"In countries that have a lot of oil, high prices can pave over a lot of problems," says Susan Purcell, director of the University of Miami’s Center for Hemispheric Policy.

Given the stakes, December’s municipal elections are widely seen as being a referendum on Maduro. Fears that the vote could be postponed or canceled have largely faded. In contrast to the opposition, which held primaries to determine its candidates, Maduro and his United Socialist Party of Venezuela (PSUV) handpicked their standard-bearers, including several actors and sports figures, which alienated many rank-and-file members.

"I think the opposition is going to win the big cities, and the PSUV the rural districts," says Yorde. "It will depend on the abstention rate."

If the PSUV loses urban centers, Maduro’s erstwhile comrades in his own party may seek to ease him from office. "When you have an autocratic state like Venezuela, members of the elite will often unseat the president to protect their vested interests," says Purcell. "Maduro has the problem of being highly incompetent and paranoid. He’s no Hugo Chávez."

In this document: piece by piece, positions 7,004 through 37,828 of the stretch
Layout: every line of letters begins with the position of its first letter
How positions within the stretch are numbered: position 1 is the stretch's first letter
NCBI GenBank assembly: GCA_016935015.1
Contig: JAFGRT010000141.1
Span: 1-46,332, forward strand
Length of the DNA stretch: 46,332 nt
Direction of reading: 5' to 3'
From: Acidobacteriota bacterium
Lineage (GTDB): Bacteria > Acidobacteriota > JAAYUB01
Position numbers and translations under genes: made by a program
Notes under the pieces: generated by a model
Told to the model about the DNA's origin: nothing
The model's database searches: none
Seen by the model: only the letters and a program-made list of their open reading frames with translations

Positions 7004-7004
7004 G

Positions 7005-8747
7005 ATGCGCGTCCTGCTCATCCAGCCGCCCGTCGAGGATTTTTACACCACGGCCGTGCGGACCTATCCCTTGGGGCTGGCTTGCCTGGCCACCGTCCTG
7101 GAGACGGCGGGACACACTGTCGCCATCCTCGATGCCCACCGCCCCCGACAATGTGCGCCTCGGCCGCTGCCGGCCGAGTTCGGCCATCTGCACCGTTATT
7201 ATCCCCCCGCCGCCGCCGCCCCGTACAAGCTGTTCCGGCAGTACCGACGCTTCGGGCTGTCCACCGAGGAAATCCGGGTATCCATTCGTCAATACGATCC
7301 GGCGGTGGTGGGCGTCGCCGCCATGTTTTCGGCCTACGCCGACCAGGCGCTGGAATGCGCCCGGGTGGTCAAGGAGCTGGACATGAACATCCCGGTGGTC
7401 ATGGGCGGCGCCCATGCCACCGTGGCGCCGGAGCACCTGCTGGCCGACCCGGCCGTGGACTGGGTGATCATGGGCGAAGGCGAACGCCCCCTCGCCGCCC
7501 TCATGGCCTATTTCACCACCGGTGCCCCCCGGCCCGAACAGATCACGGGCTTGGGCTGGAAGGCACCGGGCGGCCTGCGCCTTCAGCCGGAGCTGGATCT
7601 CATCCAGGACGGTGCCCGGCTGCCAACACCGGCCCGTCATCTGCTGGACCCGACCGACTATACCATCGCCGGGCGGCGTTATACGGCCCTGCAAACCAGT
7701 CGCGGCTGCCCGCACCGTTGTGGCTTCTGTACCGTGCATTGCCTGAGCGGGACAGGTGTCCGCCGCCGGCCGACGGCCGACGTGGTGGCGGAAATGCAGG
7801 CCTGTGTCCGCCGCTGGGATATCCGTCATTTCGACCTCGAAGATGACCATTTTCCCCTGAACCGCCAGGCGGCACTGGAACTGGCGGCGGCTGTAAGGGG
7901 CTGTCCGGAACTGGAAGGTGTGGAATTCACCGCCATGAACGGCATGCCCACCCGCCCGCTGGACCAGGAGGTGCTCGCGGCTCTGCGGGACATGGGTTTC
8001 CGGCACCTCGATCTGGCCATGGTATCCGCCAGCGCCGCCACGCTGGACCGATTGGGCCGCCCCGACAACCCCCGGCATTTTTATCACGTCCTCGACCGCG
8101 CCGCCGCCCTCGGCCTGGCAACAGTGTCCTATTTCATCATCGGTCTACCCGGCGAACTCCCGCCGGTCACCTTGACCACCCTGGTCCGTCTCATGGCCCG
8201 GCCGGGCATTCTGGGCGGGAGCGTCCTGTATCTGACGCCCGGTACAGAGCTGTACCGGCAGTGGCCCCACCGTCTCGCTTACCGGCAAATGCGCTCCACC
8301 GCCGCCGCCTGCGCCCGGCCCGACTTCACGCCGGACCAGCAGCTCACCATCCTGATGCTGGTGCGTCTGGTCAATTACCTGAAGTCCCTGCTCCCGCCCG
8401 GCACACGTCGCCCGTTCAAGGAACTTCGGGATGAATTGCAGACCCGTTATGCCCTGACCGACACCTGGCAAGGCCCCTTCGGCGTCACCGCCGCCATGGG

Yorde agrees, saying that Venezuela may be headed toward a Russia-style democracy, with the ambitious and powerful Cabello, a former military officer, the kingmaker who wants to become king.

But for Castillo, the homemaker back in La Victoria, her main concern is finding milk, not whether Cabello is Venezuela’s new Vladimir Putin, waiting for his moment.

"I am tired of this revolution and the constant drama," she says, adding that she is going to vote for the opposition for the first time in 14 years. "I think it’s time to give them a chance to do better.

"They can’t do any worse."